Their physical and mental stress was so strong at times that it blocked out their minds, filling them with fear, grim reality, tension, strain and anxiety whenever they approached a battle zone. They would fall into silence, asking themselves if they could cope with the dangers they were about to face. They always dreaded snipers, shell shock, infections and injuries, or to be damaged with shrapnel. It could make their mind go completely numb, particularly if they suffered the loss of a friend. Some could be walking wounded, or could only sleep on a groundsheet against the cold.
Infantry soldiers often knew very little about where they were or what was going on elsewhere. They lacked the facility of maps, news and information, relying on gossip and rumour. Food in Blighty was very much a problem. They might be given bacon and liver, brawn and kidneys, bread and dripping, but not too much food was available. They might have porridge with a few smashed army biscuits boiling in a mess tin with some water and sugar. Sometimes they were given a small drink of beer, and they would take a sip of rum and roll it on their tongue. Soldiers were also expected to keep their boots, caps, badges and buckles well-polished, and would hide them at night in case one of the other chaps might pinch them. Life was not easy, and they very much depended upon friends and letters from their family. It was a relief for them to be given a short break from the frontline when they were feeling worn out, perhaps to walk through the streets unthreatened by locals. Or to enjoy a performance.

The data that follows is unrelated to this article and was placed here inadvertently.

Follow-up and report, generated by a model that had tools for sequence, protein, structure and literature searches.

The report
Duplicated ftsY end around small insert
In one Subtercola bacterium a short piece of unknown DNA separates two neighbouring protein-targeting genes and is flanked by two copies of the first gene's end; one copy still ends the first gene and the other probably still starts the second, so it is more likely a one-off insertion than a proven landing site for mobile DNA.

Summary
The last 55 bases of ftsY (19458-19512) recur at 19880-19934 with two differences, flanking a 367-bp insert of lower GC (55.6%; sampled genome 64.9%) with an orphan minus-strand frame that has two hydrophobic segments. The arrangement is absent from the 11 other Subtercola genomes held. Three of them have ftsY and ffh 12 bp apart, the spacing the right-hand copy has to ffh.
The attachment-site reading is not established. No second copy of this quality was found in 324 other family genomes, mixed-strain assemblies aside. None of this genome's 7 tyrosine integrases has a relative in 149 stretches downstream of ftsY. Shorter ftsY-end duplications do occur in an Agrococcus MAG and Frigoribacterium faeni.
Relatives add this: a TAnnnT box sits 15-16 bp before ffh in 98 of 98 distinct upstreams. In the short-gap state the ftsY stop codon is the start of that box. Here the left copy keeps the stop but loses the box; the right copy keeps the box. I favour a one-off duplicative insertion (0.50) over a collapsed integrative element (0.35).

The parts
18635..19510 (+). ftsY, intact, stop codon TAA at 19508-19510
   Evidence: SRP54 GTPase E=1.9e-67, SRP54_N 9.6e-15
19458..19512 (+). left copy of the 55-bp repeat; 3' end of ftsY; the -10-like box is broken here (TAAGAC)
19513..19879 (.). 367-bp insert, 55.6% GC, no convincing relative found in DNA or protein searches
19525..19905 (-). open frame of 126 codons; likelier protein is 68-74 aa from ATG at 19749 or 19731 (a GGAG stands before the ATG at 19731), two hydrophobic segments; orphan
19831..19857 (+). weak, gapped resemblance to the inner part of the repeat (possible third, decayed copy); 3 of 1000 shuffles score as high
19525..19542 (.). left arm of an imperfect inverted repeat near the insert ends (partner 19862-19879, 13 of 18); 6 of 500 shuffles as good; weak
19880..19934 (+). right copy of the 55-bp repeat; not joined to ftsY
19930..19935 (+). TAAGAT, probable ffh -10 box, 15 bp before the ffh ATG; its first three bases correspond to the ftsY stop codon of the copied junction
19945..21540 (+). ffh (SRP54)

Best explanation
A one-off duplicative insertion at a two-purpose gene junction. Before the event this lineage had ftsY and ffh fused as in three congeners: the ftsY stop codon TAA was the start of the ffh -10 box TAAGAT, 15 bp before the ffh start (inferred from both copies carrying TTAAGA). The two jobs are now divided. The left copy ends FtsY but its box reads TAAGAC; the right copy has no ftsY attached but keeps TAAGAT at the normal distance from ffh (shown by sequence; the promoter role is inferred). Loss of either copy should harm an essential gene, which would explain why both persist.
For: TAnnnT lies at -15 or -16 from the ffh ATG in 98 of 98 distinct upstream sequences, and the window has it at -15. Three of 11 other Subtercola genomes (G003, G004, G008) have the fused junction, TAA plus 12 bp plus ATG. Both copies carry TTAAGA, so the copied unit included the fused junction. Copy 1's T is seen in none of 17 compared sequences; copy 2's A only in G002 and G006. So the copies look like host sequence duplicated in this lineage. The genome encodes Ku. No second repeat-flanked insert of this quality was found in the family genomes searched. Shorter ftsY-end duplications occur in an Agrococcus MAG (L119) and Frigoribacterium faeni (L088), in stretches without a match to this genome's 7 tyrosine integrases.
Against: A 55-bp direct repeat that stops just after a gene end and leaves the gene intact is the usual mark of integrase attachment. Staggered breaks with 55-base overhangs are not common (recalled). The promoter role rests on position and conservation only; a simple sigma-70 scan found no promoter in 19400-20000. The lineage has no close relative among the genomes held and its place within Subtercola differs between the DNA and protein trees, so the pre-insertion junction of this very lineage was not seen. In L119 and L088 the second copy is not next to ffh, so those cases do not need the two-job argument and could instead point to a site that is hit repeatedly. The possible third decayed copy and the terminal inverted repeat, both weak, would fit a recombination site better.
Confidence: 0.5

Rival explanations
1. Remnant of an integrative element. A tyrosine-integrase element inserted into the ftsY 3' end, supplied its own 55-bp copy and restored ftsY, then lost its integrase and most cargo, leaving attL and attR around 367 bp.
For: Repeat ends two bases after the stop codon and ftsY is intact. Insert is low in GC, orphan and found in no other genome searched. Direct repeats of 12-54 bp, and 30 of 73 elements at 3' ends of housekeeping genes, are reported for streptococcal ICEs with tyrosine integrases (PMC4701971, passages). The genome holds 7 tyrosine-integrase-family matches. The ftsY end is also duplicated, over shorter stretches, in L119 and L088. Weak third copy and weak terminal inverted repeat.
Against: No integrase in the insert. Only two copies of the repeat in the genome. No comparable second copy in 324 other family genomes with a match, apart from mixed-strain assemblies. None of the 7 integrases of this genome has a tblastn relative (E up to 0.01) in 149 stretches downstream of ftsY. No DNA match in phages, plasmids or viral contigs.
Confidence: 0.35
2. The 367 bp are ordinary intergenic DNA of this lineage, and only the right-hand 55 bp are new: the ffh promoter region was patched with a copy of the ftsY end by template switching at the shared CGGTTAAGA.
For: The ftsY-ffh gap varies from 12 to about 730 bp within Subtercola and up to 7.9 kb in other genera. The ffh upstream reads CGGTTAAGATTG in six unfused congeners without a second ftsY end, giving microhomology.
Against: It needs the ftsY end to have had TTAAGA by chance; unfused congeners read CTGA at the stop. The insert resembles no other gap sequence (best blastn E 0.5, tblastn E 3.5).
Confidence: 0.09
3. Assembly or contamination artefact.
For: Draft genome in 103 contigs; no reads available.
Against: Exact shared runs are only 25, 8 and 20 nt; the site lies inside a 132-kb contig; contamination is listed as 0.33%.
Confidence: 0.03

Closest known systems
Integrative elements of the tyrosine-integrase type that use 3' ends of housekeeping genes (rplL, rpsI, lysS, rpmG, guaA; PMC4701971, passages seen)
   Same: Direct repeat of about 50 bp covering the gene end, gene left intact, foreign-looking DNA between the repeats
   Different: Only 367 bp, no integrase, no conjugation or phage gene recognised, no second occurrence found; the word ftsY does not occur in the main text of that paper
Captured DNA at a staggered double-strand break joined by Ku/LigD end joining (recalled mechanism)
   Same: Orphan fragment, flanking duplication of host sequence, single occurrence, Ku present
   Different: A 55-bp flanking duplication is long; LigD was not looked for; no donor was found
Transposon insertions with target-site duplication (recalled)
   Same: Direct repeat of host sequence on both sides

Amazon Lake Union
War might drain men of energy, but Cecily firmly believed that their minds and spirit needed nurturing. Her team gave regular performances in the camp and at local hospitals. It was not unusual for wounded men to be wheeled out of the wards and lie on stretchers in order to watch, having been treated or were simply waiting for the necessary care. They often happily accepted they could be soaked as rain beat down on them. Cecily would regularly sing and on one occasion, they performed a play. Because some couldn’t be moved, following a concert Cecily would visit the hospital and sing to patients in their beds, or to one alone if he was blind or dying. It was exhausting but moving, her team’s situation ripe with danger too. They performed popular songs, poetry, Shakespeare, comedy and gave a glimpse of ‘Blighty’ often to an audience of thousands. The soldiers were always overjoyed to be entertained.